Both vertebrate herbivores and fire have long been known to have dramatic and important effects on wetland vegetation. However, the interactive effects of burning and herbivory have received less attention. In this study, conducted in the coastal marshes of the Pearl River Basin in Louisiana, USA, both the effects of herbivory and fire as well as the interaction between these effects were examined in three marsh com-munity types: Sagittaria lancifolia, PanicUm virgatum, and Spartina patens. At five sites for each of the three community types, the effects of burning and fencing to exclude herbivores were determined over two years. Results showed that total biomass was reduced by burning but increased by fencing, with no interactive effects on total biomass. Species density (the number of species per unit area) was enhanced in plots that were both burned and fenced. Spartina patens was an important component in all three communities. Cover estimates indicated that S. patens responded to burning and fencing differently from the other dominant species. In the Panicum virgatum community, P. virgatum cover was enhanced by burning and fencing while S. patens cover was reduced. In the Sagittaria lancifolia community, S. lancifolia and Vigna luteola were enhanced by burning and fencing while S. patens was reduced. In the S. patens community, Scirpits americanus was enhanced by fencing, but burning had no significant effect on cover of either dominant species. These and other data are generally consistent with the hypothesis that herbivory favors S. patens while burning favors other dominant species. Thus, the relative effects of fire and herbivory have an influence (along with other factors such as salinity) on the dominance of S. patens in coastal marshes.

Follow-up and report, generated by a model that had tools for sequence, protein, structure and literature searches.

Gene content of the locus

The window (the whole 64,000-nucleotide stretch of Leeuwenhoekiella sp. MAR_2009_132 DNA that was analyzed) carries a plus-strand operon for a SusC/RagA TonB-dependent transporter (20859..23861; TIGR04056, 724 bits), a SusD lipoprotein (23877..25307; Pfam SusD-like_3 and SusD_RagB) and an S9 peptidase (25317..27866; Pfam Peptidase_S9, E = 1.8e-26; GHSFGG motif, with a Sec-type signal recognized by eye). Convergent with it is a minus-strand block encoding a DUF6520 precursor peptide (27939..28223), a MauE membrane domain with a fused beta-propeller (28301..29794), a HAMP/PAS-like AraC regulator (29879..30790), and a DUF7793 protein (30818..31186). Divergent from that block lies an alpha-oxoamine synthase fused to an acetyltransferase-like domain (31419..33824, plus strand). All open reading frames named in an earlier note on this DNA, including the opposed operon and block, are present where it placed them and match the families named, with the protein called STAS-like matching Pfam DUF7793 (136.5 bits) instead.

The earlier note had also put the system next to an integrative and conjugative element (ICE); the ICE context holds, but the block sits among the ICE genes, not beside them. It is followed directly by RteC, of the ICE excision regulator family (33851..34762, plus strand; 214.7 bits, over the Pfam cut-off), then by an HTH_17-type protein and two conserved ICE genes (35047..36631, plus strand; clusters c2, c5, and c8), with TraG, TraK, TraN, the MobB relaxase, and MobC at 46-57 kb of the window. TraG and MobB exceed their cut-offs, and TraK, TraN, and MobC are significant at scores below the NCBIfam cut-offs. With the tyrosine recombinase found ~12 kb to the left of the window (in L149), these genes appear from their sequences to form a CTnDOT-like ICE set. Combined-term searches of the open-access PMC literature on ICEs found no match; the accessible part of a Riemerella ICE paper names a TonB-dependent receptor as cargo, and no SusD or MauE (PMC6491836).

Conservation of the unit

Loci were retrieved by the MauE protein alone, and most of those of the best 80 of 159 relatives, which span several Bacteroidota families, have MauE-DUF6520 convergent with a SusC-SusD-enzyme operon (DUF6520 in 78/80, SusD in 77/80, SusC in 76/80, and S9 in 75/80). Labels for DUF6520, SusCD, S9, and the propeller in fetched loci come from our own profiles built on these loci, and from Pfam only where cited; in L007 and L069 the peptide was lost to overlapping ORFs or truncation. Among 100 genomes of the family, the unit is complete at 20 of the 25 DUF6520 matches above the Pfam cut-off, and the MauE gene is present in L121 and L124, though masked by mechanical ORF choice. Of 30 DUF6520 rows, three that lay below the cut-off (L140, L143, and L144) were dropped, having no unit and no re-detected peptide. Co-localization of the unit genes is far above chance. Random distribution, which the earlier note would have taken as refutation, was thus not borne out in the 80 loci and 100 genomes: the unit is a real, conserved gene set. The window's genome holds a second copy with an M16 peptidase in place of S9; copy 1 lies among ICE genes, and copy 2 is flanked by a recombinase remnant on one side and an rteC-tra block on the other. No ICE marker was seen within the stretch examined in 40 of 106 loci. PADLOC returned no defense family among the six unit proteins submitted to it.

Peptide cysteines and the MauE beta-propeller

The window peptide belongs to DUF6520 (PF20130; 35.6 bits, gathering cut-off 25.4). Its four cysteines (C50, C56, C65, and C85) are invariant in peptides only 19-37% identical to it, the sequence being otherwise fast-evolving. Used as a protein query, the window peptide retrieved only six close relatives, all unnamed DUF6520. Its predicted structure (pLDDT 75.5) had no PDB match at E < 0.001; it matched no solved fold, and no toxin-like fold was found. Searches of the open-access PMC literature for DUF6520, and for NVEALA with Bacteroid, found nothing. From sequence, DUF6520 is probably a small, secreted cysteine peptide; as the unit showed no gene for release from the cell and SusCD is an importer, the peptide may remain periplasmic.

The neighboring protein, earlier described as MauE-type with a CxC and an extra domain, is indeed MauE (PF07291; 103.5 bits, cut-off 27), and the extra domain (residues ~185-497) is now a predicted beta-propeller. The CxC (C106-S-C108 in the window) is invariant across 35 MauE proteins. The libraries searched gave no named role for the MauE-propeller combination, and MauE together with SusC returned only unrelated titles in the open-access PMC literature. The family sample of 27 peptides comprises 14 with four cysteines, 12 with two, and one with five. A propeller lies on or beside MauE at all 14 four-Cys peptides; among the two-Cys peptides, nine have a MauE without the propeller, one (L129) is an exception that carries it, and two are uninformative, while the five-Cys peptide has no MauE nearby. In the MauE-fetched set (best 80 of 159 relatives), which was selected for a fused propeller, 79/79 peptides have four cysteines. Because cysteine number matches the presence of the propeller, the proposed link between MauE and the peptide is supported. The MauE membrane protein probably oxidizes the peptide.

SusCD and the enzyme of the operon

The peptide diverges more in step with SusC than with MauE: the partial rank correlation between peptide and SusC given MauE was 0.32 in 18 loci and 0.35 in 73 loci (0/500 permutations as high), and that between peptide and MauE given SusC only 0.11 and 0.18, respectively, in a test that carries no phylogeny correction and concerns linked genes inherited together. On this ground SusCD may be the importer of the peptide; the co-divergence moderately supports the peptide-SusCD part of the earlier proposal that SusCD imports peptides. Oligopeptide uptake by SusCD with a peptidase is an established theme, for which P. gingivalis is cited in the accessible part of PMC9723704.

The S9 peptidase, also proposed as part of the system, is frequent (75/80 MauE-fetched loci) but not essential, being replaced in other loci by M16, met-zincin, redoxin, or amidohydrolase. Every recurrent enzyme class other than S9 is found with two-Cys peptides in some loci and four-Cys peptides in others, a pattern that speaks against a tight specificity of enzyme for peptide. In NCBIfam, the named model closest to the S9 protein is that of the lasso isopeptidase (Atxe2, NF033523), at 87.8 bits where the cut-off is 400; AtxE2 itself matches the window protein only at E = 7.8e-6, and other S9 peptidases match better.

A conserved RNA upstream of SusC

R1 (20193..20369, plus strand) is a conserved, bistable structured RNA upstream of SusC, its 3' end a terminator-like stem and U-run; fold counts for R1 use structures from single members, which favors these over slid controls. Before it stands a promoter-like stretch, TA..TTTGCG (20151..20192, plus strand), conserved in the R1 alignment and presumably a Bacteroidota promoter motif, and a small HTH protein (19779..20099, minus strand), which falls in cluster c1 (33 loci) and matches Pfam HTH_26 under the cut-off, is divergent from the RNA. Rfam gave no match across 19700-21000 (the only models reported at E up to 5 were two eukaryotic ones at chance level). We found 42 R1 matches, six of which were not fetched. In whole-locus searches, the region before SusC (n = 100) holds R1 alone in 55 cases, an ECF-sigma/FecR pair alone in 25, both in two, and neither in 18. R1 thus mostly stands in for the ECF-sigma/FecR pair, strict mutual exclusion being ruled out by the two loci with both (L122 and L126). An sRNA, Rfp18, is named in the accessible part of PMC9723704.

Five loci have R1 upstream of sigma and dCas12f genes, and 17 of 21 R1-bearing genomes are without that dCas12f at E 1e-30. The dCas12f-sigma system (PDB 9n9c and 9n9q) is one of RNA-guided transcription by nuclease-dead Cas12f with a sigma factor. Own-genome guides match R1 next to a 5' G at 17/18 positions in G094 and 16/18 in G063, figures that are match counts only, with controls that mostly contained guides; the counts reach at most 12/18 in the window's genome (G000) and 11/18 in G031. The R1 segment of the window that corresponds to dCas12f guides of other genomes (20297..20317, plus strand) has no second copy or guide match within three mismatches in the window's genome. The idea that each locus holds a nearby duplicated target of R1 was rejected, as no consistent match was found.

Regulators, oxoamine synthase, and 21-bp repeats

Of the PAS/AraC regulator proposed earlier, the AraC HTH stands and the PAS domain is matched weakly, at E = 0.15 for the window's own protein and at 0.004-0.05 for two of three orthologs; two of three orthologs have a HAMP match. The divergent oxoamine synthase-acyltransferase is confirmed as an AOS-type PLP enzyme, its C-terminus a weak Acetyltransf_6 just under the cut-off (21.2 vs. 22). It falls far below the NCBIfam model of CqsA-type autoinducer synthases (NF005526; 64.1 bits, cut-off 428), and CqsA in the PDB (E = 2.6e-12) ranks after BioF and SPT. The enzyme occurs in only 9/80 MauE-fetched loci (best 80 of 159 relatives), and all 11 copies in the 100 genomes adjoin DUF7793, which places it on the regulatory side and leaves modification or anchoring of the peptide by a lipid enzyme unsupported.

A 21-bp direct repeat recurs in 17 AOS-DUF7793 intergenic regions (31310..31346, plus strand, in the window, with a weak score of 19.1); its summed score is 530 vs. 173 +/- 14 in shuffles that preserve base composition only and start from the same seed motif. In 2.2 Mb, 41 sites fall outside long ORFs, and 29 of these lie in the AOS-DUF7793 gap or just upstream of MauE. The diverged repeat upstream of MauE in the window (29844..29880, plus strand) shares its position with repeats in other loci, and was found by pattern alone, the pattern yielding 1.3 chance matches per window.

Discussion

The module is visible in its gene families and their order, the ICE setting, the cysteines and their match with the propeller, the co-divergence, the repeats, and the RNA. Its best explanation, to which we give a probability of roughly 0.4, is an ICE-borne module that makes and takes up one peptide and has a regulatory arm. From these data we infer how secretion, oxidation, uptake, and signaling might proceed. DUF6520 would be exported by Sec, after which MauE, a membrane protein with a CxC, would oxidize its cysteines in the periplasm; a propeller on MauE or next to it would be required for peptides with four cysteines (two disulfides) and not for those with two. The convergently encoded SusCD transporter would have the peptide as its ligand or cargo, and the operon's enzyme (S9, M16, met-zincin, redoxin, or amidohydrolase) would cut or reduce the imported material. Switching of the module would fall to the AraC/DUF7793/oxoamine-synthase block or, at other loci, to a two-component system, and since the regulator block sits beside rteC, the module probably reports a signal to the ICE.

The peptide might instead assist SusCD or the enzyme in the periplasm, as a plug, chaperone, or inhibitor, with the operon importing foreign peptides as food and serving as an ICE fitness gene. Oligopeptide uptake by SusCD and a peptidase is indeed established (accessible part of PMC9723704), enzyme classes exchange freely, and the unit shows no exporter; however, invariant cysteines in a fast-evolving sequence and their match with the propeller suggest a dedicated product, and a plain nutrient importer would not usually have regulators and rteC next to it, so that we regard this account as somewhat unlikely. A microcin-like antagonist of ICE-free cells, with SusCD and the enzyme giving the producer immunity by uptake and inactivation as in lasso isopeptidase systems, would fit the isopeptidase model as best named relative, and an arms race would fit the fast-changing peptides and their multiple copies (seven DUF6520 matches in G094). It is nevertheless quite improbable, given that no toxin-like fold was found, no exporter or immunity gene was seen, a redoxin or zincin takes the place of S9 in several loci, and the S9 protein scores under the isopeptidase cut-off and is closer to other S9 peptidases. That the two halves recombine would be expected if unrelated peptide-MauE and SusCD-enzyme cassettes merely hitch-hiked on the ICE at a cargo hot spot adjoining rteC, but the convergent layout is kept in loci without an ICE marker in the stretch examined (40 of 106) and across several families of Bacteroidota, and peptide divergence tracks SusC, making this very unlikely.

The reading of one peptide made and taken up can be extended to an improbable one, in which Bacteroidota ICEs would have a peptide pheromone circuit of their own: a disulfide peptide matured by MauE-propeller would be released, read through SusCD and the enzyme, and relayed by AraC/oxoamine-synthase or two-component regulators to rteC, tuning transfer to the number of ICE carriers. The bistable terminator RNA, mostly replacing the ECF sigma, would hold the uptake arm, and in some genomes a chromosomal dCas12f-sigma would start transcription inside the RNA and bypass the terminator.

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The interactive effects of fire and herbivory on a coastal marsh in Louisiana